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Sunday, January 19, 2014

Caral- A Trip to a 5000 Year Old Civilization

This Thursday, I embarked on another tour through, of course, Haku Tours.  This one was an all day tour and I was very excited,  even though I knew it would be a very long day, and I still hadn't quite caught up from my several nights of no sleep looking after a very sore kitty.
We started out at 7am, with 3 other women that I had never met and Daisy, the sweetest Haku tour guide.  Such a doll.  We had Amanda, an American/ Peruvian that spends the American winters in Lima running a volunteer program called Emerging Artists Lima which showcases art from people living in the Shanty Towns.  Turns out, we should have met each other by now, as we have been in several places at the same time, and in some groups together, but for some reason we never had.  Then there was Angela, a lovely Aussie gal who has been touring South America for about two months and is staying with her aunt and uncle in Miraflores, which also happens to be where Amanda lives.  Angela is now in Bolivia for a few weeks and then will be back here or the remainder of her trip.  And then we had Angela number 2, also an Aussie, but her and the other Angela didn't know each other.  She is touring South America for 2 months as well.
We were initially told that it would be a 3 hour drive out to our destination of Caral, but somehow it turned into close to 5 hours.  A very long drive for a day trip.  I couldn't sleep so I spent most of the time snapping pictures and visiting with the girls.  Here are some of my favorites.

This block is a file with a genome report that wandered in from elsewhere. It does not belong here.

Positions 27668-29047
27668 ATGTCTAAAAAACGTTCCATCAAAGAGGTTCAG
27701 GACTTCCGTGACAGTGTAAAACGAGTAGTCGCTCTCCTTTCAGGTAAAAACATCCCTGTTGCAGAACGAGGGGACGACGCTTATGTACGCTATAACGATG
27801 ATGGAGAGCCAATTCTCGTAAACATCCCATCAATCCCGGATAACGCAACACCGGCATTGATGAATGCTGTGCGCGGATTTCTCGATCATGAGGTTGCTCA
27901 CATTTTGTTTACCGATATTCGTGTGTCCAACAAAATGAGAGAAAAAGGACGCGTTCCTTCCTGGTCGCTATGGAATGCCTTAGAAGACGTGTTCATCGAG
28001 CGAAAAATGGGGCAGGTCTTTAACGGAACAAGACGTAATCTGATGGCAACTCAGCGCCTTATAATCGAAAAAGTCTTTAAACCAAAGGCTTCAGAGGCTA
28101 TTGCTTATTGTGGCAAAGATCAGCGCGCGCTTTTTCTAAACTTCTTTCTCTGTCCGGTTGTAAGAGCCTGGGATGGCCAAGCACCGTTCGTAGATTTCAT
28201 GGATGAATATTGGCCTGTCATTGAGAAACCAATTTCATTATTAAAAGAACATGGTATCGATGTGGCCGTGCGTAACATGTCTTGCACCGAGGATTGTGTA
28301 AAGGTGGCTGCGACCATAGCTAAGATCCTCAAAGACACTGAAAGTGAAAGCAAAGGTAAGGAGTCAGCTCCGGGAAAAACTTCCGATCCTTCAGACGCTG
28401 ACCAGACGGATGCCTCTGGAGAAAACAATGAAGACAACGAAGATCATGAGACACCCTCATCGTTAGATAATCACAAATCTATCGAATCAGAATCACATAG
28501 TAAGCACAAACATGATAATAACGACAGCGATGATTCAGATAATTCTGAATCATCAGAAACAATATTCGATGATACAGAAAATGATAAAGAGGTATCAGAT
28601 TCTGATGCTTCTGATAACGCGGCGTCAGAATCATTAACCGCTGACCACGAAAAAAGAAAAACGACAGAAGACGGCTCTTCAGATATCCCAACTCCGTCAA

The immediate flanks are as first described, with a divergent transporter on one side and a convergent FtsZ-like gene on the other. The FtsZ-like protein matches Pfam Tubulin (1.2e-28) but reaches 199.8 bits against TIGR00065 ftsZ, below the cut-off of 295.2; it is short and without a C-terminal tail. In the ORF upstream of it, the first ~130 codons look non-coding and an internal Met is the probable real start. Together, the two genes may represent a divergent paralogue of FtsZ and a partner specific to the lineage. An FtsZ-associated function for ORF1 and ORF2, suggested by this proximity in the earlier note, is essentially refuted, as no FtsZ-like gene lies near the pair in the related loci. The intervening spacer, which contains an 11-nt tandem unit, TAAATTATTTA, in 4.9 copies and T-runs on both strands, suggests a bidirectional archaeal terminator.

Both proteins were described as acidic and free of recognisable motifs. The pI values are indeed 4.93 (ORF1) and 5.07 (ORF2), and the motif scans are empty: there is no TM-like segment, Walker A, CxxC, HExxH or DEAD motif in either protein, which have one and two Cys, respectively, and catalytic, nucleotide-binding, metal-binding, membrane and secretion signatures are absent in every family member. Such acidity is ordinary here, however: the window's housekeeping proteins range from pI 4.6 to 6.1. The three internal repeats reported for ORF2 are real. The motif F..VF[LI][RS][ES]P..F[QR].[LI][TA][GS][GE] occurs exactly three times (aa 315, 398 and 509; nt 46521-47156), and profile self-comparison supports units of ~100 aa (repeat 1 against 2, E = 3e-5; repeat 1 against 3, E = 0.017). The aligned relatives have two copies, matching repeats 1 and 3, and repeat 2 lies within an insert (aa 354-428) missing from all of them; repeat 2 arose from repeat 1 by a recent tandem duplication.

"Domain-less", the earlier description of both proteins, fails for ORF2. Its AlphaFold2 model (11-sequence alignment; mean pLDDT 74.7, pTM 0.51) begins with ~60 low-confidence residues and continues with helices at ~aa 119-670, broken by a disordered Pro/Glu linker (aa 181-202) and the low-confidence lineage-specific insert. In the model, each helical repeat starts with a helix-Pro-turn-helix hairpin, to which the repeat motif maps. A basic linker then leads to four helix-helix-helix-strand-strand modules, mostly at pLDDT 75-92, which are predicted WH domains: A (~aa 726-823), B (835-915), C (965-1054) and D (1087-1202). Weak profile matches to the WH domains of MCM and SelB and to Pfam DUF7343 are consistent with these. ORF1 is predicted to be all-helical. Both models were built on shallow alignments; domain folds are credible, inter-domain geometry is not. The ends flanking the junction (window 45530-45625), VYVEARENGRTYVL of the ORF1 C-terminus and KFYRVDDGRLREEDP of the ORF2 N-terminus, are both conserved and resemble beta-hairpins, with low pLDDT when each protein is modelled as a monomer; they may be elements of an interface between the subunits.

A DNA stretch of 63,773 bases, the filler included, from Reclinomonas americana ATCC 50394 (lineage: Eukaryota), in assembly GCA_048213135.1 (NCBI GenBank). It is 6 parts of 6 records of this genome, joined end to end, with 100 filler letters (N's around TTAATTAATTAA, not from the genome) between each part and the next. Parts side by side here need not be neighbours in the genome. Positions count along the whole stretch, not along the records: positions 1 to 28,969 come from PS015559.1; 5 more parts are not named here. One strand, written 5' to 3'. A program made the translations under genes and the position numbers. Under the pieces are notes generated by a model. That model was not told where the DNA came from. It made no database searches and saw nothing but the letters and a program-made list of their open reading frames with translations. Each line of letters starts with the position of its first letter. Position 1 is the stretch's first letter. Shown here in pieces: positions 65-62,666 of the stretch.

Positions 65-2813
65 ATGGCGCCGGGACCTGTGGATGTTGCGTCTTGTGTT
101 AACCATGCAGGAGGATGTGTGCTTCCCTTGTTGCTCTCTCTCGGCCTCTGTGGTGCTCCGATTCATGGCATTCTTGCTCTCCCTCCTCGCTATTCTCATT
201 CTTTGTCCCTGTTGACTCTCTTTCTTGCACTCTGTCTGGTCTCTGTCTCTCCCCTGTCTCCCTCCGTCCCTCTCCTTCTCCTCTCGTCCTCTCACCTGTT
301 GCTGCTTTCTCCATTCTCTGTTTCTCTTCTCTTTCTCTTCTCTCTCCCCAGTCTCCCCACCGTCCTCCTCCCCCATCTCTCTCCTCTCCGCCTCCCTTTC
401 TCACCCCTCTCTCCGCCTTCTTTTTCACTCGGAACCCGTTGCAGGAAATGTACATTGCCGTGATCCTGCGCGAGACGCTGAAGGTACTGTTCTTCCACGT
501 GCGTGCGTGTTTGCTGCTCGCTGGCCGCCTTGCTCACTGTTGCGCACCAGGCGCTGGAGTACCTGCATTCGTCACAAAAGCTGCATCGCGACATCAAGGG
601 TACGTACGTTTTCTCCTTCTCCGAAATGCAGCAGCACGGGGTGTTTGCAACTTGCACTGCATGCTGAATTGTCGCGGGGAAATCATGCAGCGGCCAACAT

A view of bustling Lima and the Andes foothills

A carnival set up in a grocery store parking lot.

street vendors

preparing vegetables in the middle of the city.


working in the fields.

Huge mining truck tires on the way North.

A thank you to the mayor on a hillside.

a slum town.

An abandoned house with a scarecrow like Jesus on the cross beside it.

Some chauched out Tuk-Tuks.

 A thatched home.

 Paprika peppers in the field.  I had never really thought about the fact that Paprika came from peppers before lol.

We had to stop to ask for directions.

Bagging up corn used for chicken feed.

After our very long drive, we arrived at Caral, the oldest civilization in the Americas.  1800 years older than the Olmeca's in Mexico, which until Caral was discovered, was thought to be the oldest.  It is actually around the same time period as the pyramids in Egypt, but actually older than them as well.   I guess I may as well give a bit more of a history lesson on it because it is so fascinating.  I have taken info from our tour as well as a few sites online and tried to lump them all together, so forgive me if they seem a little all over the place!